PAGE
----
Washtenaw Sheriff Forgives Over $500K in Jail Debt

Photo courtesy of the Washtenaw County Sheriff’s Office


The Washtenaw County Sheriff’s Office, (WCSO), with support of the Washtenaw County Board of Commissioners, recently announced that Sheriff Jerry Clayton decided to forgive all outstanding jail debt for individuals who accrued that debt while incarcerated within the Washtenaw County Jail, according to a press release and Facebook post.


“Our decision to eliminate this debt reflects our understanding of the stress and financial burden of incarceration,” Clayton said in the press release. “We know that as people leave our jail in hope of positioning themselves to be successful upon returning home, the burden of jail debt is an added negative factor that can undermine their attempt at reintegration and feed the cycle of incarceration. We also know that incarceration can seriously compromise a person’s ability to generate income, leading to even more debt. It’s this absurd cycle, along with reincarceration, that we are focused on.”


During a recent review of the debt owed since 2013, corrections staff were able to identify 31,614 individuals impacted by a staggering total debt of $509,888.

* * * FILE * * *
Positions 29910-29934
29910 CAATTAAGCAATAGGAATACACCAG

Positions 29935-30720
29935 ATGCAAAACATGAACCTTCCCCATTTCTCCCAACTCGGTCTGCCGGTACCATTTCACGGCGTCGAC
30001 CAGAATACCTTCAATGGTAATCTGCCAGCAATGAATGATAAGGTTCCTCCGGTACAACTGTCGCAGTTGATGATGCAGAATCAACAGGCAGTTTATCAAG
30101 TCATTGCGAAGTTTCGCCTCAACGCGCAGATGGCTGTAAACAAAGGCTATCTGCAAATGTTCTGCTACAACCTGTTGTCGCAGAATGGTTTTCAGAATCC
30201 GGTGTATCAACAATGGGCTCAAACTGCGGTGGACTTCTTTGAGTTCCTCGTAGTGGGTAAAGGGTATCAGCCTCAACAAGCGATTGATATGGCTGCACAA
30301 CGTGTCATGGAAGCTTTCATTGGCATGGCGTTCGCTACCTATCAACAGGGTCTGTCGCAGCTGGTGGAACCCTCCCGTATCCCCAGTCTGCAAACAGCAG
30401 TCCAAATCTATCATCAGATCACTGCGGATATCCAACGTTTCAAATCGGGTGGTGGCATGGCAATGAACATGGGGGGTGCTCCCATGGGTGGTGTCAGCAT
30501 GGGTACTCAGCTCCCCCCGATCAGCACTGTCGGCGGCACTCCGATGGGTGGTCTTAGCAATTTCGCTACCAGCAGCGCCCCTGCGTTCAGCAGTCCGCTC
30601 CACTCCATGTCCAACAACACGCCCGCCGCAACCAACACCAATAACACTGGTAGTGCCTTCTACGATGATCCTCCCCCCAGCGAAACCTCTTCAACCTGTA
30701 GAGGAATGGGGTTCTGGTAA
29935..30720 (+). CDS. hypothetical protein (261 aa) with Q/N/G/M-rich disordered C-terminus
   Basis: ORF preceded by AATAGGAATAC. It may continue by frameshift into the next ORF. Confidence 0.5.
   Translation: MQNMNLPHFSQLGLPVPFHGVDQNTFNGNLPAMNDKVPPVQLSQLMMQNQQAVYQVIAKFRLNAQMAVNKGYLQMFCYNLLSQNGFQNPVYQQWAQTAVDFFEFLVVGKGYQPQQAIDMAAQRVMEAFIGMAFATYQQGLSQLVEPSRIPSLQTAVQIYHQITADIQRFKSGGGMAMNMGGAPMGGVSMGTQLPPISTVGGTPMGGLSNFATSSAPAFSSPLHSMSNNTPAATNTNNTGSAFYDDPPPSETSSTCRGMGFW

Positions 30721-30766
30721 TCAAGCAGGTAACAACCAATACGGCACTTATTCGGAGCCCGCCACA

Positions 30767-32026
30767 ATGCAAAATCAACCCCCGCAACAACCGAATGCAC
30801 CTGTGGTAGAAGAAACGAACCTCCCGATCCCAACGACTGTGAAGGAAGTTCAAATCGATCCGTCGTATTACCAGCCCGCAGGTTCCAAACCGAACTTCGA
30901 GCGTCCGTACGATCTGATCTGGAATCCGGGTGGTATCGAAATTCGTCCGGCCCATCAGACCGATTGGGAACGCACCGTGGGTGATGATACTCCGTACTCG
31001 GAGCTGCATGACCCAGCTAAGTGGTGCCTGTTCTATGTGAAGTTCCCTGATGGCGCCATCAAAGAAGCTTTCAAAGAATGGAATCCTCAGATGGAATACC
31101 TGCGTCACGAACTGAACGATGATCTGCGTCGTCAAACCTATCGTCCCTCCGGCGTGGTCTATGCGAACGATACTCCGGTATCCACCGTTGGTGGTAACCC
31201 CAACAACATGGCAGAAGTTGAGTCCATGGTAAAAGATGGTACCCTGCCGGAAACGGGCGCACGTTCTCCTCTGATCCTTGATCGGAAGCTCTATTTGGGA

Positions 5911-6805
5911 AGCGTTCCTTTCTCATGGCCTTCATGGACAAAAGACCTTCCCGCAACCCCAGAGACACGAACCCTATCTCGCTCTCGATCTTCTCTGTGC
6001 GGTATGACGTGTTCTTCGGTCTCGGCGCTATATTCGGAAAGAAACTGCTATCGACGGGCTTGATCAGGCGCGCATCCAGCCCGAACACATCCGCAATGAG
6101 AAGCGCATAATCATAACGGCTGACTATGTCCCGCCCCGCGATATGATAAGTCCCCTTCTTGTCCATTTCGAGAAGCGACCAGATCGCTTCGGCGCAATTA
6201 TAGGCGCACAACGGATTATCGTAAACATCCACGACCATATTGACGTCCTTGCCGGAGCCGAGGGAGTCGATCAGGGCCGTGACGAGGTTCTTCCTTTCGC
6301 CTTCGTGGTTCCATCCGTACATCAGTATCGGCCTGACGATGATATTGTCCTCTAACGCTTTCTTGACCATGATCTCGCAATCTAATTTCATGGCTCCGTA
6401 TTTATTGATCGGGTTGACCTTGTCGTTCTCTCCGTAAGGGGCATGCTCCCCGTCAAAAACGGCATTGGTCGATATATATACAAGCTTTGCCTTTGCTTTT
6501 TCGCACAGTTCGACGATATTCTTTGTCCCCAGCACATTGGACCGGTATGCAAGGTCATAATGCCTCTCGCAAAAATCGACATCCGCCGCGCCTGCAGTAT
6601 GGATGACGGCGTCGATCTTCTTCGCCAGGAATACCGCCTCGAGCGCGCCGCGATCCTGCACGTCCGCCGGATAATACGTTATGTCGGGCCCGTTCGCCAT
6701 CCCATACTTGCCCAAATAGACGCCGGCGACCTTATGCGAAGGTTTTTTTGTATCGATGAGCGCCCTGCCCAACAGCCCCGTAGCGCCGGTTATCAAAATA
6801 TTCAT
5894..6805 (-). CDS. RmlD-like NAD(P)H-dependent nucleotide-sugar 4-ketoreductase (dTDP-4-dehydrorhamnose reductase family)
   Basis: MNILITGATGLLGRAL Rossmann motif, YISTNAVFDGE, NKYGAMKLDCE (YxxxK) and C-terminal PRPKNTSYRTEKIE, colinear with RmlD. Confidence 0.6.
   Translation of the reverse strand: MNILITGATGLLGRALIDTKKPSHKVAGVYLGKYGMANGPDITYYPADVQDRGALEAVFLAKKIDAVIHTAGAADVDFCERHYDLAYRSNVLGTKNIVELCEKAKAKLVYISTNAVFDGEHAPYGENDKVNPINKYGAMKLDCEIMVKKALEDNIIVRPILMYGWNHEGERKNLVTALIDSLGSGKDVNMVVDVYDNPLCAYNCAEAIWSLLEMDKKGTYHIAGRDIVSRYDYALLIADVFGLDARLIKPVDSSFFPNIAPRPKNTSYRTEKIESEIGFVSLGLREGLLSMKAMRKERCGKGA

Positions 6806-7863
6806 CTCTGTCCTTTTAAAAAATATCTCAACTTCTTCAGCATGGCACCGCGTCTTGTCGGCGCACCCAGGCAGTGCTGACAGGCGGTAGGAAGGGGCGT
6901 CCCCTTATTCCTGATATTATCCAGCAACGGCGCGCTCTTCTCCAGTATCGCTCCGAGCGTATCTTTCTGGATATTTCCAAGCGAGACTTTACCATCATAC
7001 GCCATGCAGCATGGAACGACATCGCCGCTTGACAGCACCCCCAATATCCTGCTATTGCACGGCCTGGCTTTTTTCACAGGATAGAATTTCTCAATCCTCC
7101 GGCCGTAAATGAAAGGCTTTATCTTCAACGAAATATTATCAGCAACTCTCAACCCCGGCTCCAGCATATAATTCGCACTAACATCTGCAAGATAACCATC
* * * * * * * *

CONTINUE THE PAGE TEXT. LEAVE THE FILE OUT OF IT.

Under the State Correctional Facility Reimbursement Act, sheriffs have the right to recover all monies that incarcerated individuals owe as a result of their incarceration, according to the Facebook post. The Sheriff’s Office said that they are committed to ensuring that everyone in their custody receives appropriate care and is treated with dignity and respect.


Every individual lodged in their facility for more than 24 hours receives a set of free items to help them meet their basic needs. Anyone needing additional supplies and services can purchase them from their commissary or as part of their larger Incarceration Services architecture, the post added. Individuals that receive these items and services without the financial ability to pay, incur a debt. Historically, the WCSO

has not aggressively pursued non-payment of this debt through creditors or other means, but the debt held over someone can add to the stress associated with their day-to-day living.


Read the full press release by clicking here.


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